What is Mu? The hook is baited. Some of us gulp it down with one bite; some of us nibble at it, not quite trusting. Will it work? Some of us will explain it away. We’re too smart for this. Or we try to ignore something that cannot be ignored. We reach for an itch that somehow we can’t quite scratch, and we can’t forget. But in order for this work, the hook has to set in. How we work with it is our business, but we need to recognize the barrier. We need to recognize it as an entry point and as a passage. We need to acknowledge the gatekeeper. Will you be let in, or will you be turned you back?

Crossing borders has always been an experience of both excitement and dread for me. To begin with, a border check point is a strange reality, a line drawn in space with a hole in it. In my childhood, when we were leaving Poland illegally, we were carrying contraband. In order to smuggle out some valuables, my mother had sewn dollar bills and jewelry into our clothing. As the train approached the border between Czechoslovakia and Austria, slowing down at a check point swarming with military personal, I thought to myself, “Am I going to be revealed?” We ask ourselves the same question as we work on Mu: Am I going to be revealed? Who am I being revealed to? The tradition of Mu says, Stop! Who are you? You can’t pass unless you really know.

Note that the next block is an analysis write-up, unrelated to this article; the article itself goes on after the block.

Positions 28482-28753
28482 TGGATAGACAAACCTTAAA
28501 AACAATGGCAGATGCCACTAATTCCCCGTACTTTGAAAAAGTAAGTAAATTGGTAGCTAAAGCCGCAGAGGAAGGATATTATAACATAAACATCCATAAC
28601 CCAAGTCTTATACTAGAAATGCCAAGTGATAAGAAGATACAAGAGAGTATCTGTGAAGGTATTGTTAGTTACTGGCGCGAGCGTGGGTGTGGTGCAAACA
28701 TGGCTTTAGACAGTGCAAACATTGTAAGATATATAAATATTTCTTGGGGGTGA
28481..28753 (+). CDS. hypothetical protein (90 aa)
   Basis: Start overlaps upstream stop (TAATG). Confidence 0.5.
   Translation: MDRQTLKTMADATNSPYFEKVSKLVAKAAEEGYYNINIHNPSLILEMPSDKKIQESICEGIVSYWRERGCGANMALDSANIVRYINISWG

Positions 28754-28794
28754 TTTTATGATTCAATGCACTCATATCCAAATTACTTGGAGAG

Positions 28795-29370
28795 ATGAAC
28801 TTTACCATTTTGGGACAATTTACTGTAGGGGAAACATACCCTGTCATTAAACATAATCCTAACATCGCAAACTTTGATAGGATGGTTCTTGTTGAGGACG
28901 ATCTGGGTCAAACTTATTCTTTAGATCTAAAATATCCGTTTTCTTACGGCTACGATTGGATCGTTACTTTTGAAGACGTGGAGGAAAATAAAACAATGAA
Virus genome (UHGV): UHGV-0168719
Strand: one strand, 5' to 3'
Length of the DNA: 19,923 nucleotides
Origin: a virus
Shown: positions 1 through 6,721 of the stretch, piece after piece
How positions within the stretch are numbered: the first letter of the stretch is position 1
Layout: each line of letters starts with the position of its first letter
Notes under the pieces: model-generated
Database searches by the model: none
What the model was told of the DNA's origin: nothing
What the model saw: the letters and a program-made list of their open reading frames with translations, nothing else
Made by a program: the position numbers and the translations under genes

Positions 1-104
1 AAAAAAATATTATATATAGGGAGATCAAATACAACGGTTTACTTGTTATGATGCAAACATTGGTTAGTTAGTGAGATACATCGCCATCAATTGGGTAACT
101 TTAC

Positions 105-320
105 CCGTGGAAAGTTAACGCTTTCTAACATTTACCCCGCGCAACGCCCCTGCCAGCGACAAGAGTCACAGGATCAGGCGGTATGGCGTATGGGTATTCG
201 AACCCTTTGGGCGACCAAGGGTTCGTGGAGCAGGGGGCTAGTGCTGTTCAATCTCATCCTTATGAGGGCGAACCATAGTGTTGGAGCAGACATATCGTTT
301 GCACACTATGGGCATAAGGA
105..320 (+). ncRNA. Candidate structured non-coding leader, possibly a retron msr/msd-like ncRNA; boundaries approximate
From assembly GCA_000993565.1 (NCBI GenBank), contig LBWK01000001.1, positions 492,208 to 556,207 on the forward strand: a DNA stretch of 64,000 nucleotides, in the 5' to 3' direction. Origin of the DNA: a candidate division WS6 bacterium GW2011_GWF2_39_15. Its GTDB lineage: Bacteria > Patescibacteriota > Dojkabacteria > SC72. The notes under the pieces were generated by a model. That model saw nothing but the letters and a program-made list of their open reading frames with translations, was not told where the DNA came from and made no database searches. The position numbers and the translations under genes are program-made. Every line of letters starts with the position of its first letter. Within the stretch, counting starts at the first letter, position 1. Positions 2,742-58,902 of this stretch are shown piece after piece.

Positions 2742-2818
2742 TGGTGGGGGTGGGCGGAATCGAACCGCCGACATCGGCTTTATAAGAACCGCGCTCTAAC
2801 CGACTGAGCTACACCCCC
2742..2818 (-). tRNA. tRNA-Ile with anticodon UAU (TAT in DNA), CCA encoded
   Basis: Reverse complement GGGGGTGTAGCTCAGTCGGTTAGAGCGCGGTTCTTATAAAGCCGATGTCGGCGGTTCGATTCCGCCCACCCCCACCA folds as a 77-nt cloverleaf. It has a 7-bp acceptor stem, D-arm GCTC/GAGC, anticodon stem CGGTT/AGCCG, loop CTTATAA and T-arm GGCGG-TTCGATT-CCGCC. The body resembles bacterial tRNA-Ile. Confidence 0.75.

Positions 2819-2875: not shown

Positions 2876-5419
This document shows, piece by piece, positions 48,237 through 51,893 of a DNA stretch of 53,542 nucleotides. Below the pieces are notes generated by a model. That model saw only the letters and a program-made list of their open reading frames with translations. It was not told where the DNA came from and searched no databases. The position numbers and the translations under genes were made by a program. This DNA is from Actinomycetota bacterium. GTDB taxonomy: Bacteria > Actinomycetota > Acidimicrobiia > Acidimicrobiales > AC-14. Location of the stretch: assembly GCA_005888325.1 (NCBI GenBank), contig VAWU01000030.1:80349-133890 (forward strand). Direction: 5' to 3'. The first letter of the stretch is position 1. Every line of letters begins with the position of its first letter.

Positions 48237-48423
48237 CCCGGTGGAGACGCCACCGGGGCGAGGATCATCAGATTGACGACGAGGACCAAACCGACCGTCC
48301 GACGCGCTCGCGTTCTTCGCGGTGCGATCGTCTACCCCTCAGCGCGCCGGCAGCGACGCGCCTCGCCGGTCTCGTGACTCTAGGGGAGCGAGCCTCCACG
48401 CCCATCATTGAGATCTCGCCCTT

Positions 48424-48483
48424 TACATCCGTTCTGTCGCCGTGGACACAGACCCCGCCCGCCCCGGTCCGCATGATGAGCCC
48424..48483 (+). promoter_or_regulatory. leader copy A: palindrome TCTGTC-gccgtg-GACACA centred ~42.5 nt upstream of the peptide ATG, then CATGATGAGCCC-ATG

Despite the fact that buddha nature is all-pervasive, it is also true that some will see that fact, some won’t; some will pass, some won’t. We can talk about clarity and about our insights, but Mu is a deliberate test that requires deliberate engagement, deliberate release of anything that we’re holding onto. It requires deliberate recognition of the truth, not just a bit of spontaneous insight, some bit of grace, that with time can isolate us in some degree of self-importance, or frustrate us in our attempts to recreate it.

During one of the early sesshins that Daido Roshi led in New Zealand, he did private interviews with a couple of the Maori elders, spiritual leaders of a community who were participating in the meditation intensive. These were people who dedicated their lives to their indigenous, systematic way of encountering the nature of reality and the nature of mind. They were life-long practitioners of their dharma. When Daidoshi tested them with the koan Mu and various other koans, dialogues and stories from a very different culture and time, they had no problem responding. The gate was wide open. Mu was working. The nature of the mind was revealed and communicated.

So what are we seeing when we see Mu? Strangely, everyone sees exactly the same thing. Strangely, everyone sees something utterly different and unique. You and I are the same thing; you are not me and I am not you. You pass through this barrier; this passage is how you live your life. Mu becomes a way of simply articulating a basic truth.